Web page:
Motivational Thinking

I quite like this article because it explains some of the points behind performance and motivational thinking. It’s not the most dynamic title and one may think that cell assembly has nothing to do with why you are not performing, as you should.

It briefly highlights how routines become engrained, so that they develop an automatic action.

How does Mark Knopfler the guitarist from Dire Straits play as well as he does?  How does a talented secretary type as fast as they do? How does Jessica Ennis-Hill consistently perform to a world class standard?

It all has to do with how your brain thinks and works. It develops pathways, like a well-trodden pathway through a field of corn, a neural pathway. Why would you try and force your way through and try to make a new pathway? One reason is because the brain likes ‘the same’. The same is easy for the brain and it wants us to take the easy route, because it means a lot less work. Mark Knopfler rehearsed chords and riffs for countless hours so that without thinking he can play intricate pieces of music with ease. The secretary who can type over 130 words per minute certainly does not consciously think about where they place their fingers, and Jessica Ennis-Hill settles into her routine and runs it until an event is complete, to a gold medal standard.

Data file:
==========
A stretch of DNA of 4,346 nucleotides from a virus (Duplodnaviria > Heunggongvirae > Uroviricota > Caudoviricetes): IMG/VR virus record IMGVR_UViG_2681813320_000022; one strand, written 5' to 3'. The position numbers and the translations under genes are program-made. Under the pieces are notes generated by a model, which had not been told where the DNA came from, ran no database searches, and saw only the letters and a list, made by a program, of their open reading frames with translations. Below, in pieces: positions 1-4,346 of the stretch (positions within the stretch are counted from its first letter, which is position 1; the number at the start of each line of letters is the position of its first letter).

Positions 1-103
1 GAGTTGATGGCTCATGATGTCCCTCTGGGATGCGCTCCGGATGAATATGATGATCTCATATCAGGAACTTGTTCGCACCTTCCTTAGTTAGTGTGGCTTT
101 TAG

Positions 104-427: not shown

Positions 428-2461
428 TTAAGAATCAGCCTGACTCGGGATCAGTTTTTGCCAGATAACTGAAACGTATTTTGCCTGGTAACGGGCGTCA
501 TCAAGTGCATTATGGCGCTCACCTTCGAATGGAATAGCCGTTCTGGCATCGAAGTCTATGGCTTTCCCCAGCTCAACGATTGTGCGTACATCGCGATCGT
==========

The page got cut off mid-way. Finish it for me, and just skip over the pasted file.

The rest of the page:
All of the above have a commonality. They do what they do with unconscious competence. They have made a neural pathway, and the reason that it is routine is because of the countless hours they practice their skill.

You see, unconscious competence is what it really is all about. The way you shower, dress and when you brush your teeth all have a commonality. The brain does it a certain way. Try brushing your teeth with the opposing hand and you will see exactly what I mean.

Another point raised was limiting beliefs, or self-limiting beliefs. These can damage your motivation and performance in many ways. When that happens you consistently ask yourself ‘what is wrong with me’? That pattern spirals and affects you on a number of levels. Psychologists want to know ‘how’ you arrived at this point. The thing is, often you do not know why, how or when it actually started. Without the right question and answer technique to drill down as to exactly why this happened, any fix will be a temporary fix, and any euphoria at having ‘fixed’ the problem is short lived, further exacerbating your problem, driving your performance in a direction where you do not want it to go.

Posted in Motivation

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